Lifelines and Losing Elderly Parents

Bluebells, Curraghmore, Co. Waterford Photo: Frank Tubridy
Bluebells, Curraghmore, Co. Waterford
Photo: Frank Tubridy

May 26th is a date that will probably stay in my memory forever as it marks one of the most difficult days of my life.

On this day four years ago, it seemed like I was about to lose both my elderly parents within hours of each other. In hindsight, I think it would have been fitting if they had left this world together as they were so united but back in 2009 when ‘the nightmare’ was unfolding it felt like the end of the world.

In short, Mother was in hospital for tests that would probably have ended in her having to be tube fed ~ not the end of the world but certainly not something that she would have wanted. Father had a severe heart attack and was deemed to be dying. Mother was told that Father was dying and she had a stroke from which she died 5 days later. Father survived the heart attack and lived on for a further 16 months during which he and I shared lots of intense father-daughter moments, hours, weeks, glances, tears, laughs, music and poetry…..

This morning, I went to Newtown Wood which seemed to recognise my sadness, and I won’t deny for a moment that I am sad today. However, the beauty of the Wood, which is carpetted with bluebells and the singing of the birds, was so heightened that it turned the sadness and pain into heightened wonder of the healing powers of nature, which meant so much to Mother and Father too.

As I have said so often before, there is no easy way to lose beloved elderly parents ~ and the road can be strewn with what seem like ‘end of the world’ days, like this one, for me, in 2009.

But, from my experience one can be shocked, too, by the extent to which ‘ beginning of the world’ things can happen, too, at terrible times. For example, on that evening in 2009 when I eventually came home from the hospital, knowing that Mother was dying and not too sure about how Father would fare, I found our family doctor sitting in the kitchen drinking tea with my husband. He knew that I would be ‘in bits’ and took the trouble to be here for us all when I arrived home an exhausted and emotional wreck. To me, that is the essence of caring and pure heart and I will forever be indebted to him.

May I leave you with another photograph, taken by my father, and one which Mother always loved.

Sheep at Evening in Co. Waterford Photo: Frank Tubridy
Sheep at Evening in Co. Waterford
Photo: Frank Tubridy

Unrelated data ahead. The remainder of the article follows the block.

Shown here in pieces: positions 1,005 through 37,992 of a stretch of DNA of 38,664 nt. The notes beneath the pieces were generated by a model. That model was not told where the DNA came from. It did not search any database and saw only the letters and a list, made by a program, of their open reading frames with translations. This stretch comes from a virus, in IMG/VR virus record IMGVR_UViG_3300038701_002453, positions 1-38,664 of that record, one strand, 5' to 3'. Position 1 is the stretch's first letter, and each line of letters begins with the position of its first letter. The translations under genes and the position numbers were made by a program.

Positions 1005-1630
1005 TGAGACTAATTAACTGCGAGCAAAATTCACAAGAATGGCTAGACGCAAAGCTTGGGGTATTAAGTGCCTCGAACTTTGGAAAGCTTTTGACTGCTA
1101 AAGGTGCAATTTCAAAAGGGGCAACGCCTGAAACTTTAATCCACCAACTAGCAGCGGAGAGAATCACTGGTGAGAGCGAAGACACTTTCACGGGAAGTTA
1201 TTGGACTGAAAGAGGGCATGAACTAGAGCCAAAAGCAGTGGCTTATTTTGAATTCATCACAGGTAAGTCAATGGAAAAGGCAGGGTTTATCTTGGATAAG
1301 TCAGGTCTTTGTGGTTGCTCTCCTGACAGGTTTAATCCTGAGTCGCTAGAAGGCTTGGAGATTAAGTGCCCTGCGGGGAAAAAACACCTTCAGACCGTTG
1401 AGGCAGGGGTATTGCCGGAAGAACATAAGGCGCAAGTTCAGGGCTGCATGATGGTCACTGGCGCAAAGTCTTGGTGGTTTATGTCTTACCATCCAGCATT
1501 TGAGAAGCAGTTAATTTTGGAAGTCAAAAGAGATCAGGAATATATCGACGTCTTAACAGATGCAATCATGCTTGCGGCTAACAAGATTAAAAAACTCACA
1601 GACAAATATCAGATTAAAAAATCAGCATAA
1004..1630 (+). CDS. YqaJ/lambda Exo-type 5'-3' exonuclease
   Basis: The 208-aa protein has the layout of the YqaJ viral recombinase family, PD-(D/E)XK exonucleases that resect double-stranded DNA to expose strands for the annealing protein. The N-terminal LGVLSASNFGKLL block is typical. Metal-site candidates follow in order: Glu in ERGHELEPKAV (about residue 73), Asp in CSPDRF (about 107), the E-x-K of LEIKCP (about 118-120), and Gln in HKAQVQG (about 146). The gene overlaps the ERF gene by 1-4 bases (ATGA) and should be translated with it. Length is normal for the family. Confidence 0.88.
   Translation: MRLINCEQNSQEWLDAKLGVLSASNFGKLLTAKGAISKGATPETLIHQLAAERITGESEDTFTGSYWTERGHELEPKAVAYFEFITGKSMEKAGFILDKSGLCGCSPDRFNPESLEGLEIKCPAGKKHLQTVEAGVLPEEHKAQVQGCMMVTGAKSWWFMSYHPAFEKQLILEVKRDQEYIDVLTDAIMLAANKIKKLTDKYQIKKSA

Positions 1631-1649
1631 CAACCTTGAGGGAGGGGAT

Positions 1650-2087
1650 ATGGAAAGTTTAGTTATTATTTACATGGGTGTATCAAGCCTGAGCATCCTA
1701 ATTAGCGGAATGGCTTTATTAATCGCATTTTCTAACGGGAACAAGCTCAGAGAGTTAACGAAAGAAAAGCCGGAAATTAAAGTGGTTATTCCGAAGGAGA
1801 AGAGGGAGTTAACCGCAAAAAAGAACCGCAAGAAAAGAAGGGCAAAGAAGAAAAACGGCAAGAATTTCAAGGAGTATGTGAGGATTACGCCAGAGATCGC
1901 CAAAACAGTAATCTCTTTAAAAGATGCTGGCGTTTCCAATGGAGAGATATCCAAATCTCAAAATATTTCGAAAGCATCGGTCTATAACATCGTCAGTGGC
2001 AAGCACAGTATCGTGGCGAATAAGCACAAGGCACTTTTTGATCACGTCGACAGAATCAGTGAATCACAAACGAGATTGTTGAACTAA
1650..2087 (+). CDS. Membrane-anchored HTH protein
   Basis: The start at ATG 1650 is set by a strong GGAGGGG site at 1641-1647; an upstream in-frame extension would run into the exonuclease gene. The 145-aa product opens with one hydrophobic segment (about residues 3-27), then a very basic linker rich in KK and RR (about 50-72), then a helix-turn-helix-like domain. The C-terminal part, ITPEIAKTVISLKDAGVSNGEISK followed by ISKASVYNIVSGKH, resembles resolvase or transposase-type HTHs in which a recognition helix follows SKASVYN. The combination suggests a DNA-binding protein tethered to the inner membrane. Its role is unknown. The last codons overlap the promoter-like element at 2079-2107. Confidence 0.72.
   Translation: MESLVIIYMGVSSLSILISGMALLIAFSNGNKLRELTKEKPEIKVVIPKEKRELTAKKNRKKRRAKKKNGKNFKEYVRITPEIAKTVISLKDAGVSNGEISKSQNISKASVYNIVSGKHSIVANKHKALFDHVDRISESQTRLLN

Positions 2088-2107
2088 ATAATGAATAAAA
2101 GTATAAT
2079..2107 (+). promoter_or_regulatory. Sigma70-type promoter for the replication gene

Author: socialbridge

I am a sociologist and writer from Ireland. I have worked as a social researcher for 30 years and have had a lifelong passion for writing. My main research interests relate to health care and sense of place.

11 thoughts on “Lifelines and Losing Elderly Parents”

  1. I as you may know have been writing a bit lately on my elderly parents. I am sorry that your parents have passed , but I am pleased that you found the strength to move forward and retain those special precious memories of them. These are what holds us together. My thoughts are with you in your sadness, take care.

  2. It is ok to be sad and have that sadness thrown into relief by the beauty of nature around you. It is a wonderful tribute to those excellent parents that you acknowledge this on a regular basis. Tomorrow is a new beginning 🙂

    1. Hi SV, yes, today is the ‘tomorrow’ you referred to and the lilac tree has come into bloom ~ its perfume strong enough to saturate sadness! Thanks for your understanding words.

  3. Thank you for sharing the story and the lovely photo of your father with his dog and the sheep. It caused the most intense emotion to well up inside me just now, and a reminder of how intricately linked we humans are with each other if we are only open to our shared humanness.

    1. Oops, not the photo of your father, the photo by your father! Still, it evokes in me a memory of my father out in the pasture with his dog. The emotion is the same, no matter who is the man in the photo.

      1. Hi Suz, I agree that the photograph of the man with his dog is highly evocative and I couldn’t agree more that our connectedness is extraordinary ~ irrespective of physical place.

  4. Jean, thank you for sharing with us such personal memories. Your tender words are a fitting tribute to your parents.

  5. Jean, May 26th is my fathers birthday. 75 this year. Your post seemed so close to my heart and made me cry. My thoughts are with you. We carry our parents with us, everywhere and in everything we do. They are never really lost to us, it’s just the physical ability to be spontaneous and in the moment with them is gone. Digging deep into your soul you find them there, tending and caring for you, never having stopped. X

    1. Kay, thanks for writing and for your heartfelt words. I absolutely agree that our parents never leave us as they have been so integral to our lives.
      I hope your Dad had a good birthday!

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